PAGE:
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Thread: Cleaning up an old saw

  1. #1
    Join Date
    Feb 2005
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    Cleaning up an old saw

    I picked up this Warranted Superior saw a couple of years ago along with an old Disston. I suspect it was probably made by Disston too. It has been hanging on a nail in the shop since I got it but I needed to saw a couple of pieces of flooring (Cumaru, aka Brazilian Teak) to fit in the trash. This saw was nearby so I grabbed it. The handle felt like it was made for my hand and it went through that Cumaru like a hot knife through butter.

    Now I want to clean it up and turn it into a user. IF possible I'd like to try and retain the etch on the blade. What method of cleanup do you guys recommend? I've got a few gallons of Evaporust handy which is what I was going to use to remove the rust. If I hit it with a brass brush or steel wool after the Evaporust has done it's thing is that going to take the etch away? Also, is there anyway to date these Warranted Superior saws? Thoughts appreciated.

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  2. #2
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    Always nice to bring a saw back to life. The Evaporust is a good way to go if you have a tray large enough to fully immerse the saw. Given the desire to preserve the etch, Id follow that up with the lightest scotch bright pad you have with WD40, moving to coarser if needed, but be gentle around the etch.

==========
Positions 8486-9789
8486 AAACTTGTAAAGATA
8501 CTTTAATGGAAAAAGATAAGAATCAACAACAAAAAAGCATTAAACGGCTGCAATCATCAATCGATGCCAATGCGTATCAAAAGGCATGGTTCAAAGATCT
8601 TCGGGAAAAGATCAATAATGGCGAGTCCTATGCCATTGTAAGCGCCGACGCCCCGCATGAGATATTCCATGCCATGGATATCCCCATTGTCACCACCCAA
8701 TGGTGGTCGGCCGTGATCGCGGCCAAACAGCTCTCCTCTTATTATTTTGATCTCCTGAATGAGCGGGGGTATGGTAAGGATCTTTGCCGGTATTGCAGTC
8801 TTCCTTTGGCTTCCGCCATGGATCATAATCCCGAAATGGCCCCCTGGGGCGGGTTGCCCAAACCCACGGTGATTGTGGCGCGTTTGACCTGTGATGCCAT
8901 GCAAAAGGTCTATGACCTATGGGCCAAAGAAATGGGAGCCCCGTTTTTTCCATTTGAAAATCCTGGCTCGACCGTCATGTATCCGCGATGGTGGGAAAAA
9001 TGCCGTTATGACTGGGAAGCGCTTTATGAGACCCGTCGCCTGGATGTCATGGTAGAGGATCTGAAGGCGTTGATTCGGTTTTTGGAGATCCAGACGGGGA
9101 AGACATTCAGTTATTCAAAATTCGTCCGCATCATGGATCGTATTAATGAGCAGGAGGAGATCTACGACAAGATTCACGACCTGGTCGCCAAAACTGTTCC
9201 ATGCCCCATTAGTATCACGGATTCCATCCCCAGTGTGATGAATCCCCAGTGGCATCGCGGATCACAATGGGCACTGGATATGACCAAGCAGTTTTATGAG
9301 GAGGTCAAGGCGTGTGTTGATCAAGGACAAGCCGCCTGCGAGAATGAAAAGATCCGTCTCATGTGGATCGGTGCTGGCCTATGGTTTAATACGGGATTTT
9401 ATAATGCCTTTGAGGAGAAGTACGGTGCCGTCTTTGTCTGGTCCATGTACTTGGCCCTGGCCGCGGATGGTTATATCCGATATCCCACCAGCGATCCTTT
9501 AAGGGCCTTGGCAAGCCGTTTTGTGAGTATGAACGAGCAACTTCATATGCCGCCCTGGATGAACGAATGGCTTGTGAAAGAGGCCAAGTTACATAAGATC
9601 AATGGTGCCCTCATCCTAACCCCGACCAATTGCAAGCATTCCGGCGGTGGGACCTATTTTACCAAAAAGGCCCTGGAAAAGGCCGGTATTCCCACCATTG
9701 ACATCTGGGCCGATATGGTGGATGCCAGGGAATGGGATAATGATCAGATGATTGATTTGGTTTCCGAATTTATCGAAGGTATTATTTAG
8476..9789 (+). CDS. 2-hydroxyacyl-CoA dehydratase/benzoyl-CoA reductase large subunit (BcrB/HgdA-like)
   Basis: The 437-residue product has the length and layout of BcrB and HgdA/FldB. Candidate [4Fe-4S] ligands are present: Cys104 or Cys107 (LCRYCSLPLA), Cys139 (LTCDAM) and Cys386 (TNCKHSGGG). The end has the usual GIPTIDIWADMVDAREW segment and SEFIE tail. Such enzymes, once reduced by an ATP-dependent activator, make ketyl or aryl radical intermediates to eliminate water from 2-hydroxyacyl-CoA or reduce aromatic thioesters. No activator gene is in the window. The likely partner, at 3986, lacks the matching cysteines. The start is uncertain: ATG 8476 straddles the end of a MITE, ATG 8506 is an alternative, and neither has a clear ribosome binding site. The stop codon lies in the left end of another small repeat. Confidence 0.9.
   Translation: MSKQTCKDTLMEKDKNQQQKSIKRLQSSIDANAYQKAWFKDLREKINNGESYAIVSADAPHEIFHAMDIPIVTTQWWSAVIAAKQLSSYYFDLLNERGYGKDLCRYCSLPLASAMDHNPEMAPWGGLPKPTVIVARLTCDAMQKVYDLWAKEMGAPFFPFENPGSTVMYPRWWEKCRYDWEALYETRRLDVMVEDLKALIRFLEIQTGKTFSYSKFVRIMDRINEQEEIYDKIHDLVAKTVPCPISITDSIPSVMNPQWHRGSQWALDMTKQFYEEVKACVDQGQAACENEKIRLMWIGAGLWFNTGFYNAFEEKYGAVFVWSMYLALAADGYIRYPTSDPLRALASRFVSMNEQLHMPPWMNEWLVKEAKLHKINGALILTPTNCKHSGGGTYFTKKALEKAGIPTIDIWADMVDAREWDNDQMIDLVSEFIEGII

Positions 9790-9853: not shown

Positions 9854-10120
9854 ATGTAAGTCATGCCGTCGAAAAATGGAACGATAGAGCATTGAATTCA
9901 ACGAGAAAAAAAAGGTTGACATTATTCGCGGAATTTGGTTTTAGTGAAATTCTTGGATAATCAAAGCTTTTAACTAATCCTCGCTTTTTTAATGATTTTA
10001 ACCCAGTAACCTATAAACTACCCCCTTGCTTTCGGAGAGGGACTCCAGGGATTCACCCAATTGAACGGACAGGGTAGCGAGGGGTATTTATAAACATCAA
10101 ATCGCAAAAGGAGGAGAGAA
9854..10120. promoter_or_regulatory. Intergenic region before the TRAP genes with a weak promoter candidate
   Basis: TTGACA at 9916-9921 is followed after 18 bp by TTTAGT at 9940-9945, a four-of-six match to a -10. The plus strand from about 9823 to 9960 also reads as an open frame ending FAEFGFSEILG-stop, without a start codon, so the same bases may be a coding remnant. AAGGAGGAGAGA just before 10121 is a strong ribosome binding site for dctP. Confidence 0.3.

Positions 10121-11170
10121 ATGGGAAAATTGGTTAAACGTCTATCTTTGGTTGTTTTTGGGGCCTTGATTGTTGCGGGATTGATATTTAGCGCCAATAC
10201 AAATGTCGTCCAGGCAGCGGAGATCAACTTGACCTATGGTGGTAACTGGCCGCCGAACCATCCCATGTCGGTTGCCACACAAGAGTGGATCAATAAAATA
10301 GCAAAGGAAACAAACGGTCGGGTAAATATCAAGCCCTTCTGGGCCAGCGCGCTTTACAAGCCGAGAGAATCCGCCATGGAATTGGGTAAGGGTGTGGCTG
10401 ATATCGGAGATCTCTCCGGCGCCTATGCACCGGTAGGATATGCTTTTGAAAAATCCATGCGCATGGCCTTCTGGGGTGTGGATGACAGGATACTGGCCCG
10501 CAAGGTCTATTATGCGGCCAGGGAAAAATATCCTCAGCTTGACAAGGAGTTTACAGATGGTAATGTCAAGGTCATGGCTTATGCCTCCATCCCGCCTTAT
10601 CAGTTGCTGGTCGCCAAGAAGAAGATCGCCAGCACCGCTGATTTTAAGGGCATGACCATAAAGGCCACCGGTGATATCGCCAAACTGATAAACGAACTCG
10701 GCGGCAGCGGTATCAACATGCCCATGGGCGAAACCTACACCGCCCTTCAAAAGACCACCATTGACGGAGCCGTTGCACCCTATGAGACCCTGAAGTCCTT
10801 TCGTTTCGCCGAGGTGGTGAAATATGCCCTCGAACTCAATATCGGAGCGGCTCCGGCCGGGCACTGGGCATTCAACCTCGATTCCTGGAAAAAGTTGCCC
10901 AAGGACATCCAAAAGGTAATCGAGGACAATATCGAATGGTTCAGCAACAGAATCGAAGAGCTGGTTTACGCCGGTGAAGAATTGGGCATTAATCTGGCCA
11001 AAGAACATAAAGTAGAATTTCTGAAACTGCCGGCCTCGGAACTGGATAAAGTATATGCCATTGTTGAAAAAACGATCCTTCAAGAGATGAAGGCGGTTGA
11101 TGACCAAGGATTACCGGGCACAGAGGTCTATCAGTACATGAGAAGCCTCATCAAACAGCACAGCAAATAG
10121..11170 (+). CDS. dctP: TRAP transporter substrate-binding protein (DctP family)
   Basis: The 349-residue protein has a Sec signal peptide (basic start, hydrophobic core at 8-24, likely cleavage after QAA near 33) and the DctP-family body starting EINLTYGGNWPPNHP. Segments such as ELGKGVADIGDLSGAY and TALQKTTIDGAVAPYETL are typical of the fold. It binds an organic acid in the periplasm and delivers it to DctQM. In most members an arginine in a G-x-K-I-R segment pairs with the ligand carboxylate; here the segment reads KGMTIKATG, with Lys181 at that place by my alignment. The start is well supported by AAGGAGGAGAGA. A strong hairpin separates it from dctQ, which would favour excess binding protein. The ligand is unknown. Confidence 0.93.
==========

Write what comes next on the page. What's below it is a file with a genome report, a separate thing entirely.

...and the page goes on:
3. #3
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    I use a razor blade paint scraper, followed by coarse sandpaper with WD40. When it feels smooth to touch, sharpen and use.

  4. #4
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    I only have two saws in my till with a 5 bolt handle on them. One has a Warranted Superior button with a (Sears) Crafstmen etch on the plate, the other has an Atkins button and no remaining etch.

    I don't know if either of mine have the factory buttons on them. I will say every WS button saw I have cleaned up has been a good user when I was done. I'll try to get a pic.
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    Last edited by Scott Winners; 05-15-2021 at 7:51 PM.

  5. #5
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    Phil, Thanks. I do have something large enough to soak it. By "lightest scotch brite pad" do you mean the least abrasive pad?

    Jim, Thanks. What do you consider "coarse sandpaper"? 60, 80, 100, 120, 150?

    Thanks Scott! I'd love too see your saw(s).

  6. #6
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    I use 120, not too slow - no deep scratches.

    *LOTS* of oil or WD40.